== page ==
Faculty members in the University of Virginia’s Curry School of Education will be examining ways to improve the teaching and learning of science, technology, engineering and mathematics subjects through three research projects funded by the National Science Foundation.
The projects range from examining novice elementary school teachers’ instruction of mathematics; to recruiting, educating and retaining certified high school science teachers; to evaluating the skill development of biology Ph.D. students.
According to the U.S. Department of Education, only 16 percent of American high school seniors are proficient in mathematics and interested in a career in the so-called STEM fields.
Teaching Mathematics in Elementary School
One meaningful way to increase high school graduates’ proficiency in mathematics is to improve the teaching of math in American elementary schools. Peter Youngs, associate professor of education at the Curry School, and colleagues at Michigan State University were awarded $1.6 million to study how social networks within elementary schools impact novice teachers’ mathematics instruction.
A new teacher’s social network can include teachers and administrators within the school who typically work closely with, and therefore influence, the teacher, according to Youngs. Some of these relationships are formal, as in an assigned mentoring relationship; but others are informal, such as teacher colleagues in other grade levels.
“We are examining a teacher’s proficiency in creating lesson plans for math instruction and the execution of those lesson plans, in addition to relationships these teachers have within their school,” Youngs said. “Our hope is to identify how different teacher social network characteristics (such as the level of math knowledge for teaching in a given network) affect novice teachers’ math instruction in different ways.”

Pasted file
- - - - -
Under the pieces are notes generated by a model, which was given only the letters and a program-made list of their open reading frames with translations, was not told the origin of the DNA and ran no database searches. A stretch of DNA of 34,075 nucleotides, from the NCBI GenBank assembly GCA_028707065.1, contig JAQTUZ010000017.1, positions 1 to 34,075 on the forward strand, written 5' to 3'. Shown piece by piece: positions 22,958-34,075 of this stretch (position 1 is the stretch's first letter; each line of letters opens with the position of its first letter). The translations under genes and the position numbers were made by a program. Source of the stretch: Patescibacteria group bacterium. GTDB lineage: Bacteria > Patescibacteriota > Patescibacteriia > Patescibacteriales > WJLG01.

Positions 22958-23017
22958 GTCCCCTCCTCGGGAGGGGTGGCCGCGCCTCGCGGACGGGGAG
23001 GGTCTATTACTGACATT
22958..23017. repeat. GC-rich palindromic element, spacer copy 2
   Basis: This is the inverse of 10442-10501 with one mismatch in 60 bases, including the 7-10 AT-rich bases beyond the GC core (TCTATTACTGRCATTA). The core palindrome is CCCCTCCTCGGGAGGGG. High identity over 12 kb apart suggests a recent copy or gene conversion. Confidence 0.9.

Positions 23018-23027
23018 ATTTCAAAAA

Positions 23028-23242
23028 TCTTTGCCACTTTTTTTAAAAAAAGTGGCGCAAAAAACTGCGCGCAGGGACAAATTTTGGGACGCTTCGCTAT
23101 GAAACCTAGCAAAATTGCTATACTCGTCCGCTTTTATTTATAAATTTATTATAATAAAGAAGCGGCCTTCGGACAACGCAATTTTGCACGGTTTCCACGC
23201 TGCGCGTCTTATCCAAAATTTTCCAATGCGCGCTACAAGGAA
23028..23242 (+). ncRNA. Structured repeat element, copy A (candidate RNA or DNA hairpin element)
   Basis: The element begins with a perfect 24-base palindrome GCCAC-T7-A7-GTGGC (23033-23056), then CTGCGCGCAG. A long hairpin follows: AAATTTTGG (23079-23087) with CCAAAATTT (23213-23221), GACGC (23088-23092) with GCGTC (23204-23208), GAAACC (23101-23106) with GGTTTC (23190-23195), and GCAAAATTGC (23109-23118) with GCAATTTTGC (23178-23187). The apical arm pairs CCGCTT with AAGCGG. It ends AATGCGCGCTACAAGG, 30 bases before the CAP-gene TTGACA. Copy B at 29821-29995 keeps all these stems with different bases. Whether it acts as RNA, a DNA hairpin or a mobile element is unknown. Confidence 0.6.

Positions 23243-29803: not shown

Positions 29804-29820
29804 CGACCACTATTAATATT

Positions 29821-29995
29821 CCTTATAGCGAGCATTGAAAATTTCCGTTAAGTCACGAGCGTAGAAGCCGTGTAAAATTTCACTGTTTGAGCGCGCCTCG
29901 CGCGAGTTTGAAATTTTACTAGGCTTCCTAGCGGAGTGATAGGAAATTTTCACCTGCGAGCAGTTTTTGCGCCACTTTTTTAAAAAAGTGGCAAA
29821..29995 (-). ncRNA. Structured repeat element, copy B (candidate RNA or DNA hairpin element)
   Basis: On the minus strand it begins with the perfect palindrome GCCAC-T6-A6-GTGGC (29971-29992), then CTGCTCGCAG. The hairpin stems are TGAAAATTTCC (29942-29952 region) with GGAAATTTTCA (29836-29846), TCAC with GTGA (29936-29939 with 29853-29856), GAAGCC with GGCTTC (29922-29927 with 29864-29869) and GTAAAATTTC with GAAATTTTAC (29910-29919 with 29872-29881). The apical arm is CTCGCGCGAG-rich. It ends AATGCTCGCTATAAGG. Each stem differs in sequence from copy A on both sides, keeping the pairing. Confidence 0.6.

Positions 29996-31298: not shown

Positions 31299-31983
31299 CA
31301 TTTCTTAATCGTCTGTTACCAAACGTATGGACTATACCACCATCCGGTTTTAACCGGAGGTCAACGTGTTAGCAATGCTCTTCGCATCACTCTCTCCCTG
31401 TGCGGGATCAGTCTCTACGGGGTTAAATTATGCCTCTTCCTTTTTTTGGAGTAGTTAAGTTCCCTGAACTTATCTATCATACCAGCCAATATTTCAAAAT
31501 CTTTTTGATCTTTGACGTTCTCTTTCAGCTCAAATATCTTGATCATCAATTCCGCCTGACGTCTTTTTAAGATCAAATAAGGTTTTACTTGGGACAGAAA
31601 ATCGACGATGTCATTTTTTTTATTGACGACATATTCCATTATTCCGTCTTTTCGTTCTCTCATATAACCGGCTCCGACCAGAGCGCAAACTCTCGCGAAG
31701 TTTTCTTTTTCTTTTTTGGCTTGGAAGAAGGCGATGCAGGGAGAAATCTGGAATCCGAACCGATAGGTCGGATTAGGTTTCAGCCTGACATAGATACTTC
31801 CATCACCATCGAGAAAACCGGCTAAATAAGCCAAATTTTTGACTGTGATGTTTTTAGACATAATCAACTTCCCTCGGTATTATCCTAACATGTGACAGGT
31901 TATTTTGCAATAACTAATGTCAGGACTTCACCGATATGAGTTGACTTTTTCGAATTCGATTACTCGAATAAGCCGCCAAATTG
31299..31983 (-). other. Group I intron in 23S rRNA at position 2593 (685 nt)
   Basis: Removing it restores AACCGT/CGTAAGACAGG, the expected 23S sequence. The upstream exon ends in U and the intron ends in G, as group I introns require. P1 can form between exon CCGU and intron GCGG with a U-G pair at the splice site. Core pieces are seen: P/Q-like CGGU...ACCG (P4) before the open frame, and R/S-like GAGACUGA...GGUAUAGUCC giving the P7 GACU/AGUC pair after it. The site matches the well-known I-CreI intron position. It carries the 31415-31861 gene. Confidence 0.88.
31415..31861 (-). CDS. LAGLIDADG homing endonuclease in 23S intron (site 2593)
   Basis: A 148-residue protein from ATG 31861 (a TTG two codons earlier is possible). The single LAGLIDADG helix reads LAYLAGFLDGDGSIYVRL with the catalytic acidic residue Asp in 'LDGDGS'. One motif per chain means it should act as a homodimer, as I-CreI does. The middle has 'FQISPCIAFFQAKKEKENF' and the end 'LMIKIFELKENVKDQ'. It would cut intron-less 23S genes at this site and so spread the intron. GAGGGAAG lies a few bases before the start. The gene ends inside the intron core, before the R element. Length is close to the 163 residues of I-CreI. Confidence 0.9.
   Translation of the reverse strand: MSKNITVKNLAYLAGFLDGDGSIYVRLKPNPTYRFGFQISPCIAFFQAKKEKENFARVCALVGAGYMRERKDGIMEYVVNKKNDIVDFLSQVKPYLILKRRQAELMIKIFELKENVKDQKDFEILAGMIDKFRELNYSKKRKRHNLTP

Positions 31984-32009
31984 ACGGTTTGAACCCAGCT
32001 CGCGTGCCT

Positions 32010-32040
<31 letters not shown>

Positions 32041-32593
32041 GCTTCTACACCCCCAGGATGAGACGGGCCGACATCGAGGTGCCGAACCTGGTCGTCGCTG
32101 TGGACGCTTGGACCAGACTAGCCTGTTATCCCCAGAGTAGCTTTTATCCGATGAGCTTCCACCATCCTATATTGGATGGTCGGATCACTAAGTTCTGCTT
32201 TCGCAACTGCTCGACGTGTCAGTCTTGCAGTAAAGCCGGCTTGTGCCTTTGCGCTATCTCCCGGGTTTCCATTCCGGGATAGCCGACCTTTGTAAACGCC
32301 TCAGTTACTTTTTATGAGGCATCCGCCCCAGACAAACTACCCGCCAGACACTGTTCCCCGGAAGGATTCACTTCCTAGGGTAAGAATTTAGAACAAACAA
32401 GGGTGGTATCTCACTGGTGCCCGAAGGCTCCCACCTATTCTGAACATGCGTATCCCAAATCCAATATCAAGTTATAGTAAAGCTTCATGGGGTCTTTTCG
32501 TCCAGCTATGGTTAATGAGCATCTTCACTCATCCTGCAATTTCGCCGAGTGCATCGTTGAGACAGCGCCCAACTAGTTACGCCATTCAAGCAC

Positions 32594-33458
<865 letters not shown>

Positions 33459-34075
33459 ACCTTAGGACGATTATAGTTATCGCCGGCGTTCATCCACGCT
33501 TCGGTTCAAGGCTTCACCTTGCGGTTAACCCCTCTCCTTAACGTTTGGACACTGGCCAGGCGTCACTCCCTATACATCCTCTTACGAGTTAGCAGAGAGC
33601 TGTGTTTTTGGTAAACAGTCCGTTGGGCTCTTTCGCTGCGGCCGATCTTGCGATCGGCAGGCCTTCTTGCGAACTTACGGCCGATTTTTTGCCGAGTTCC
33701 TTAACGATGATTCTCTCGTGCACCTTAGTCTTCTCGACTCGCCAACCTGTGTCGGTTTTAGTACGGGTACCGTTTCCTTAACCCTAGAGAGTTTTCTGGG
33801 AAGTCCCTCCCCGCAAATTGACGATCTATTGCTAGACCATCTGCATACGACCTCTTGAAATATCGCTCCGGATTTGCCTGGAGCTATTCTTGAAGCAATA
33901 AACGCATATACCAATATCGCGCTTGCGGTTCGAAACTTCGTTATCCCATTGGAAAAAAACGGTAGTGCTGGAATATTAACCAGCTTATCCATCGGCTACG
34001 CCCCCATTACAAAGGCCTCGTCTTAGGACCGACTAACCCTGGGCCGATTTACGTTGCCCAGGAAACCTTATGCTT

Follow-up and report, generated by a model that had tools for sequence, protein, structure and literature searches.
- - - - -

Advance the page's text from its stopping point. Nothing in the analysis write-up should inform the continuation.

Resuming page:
Youngs and colleagues will study 150 novice teachers in 10 school divisions in Michigan, Illinois and Indiana. Beginning this fall, they will follow the teachers for two years, evaluating specifically their creation of lesson plans for mathematics lessons and the execution of those plans.
In addition, researchers will focus on how teachers’ social networks impact the teachers’ responses to the current climate of teacher evaluation, including the Common Core mathematics standards.
“The pressure for new teachers to successfully teach mathematics according to these standards and models is very high,” Youngs said. “We want to know how the social networks in schools can support or hinder their success.”
The Need for High School Science Teachers
National reports continue to find a critical shortage of high school science teachers in the country, and in Virginia. In an effort to increase the number of highly qualified high school science teachers, the Curry School has received a $1.28 million grant from the National Science Foundation Noyce Scholarship Program.
The project will seek to recruit, educate and retain 40 academically talented science and engineering undergraduate and graduate students, and scientists and engineers in industry, who will become certified high school science teachers. It will also induct scholarship recipients into the teaching profession and assist them in finding teaching positions in partner school districts and other high-need schools in Virginia.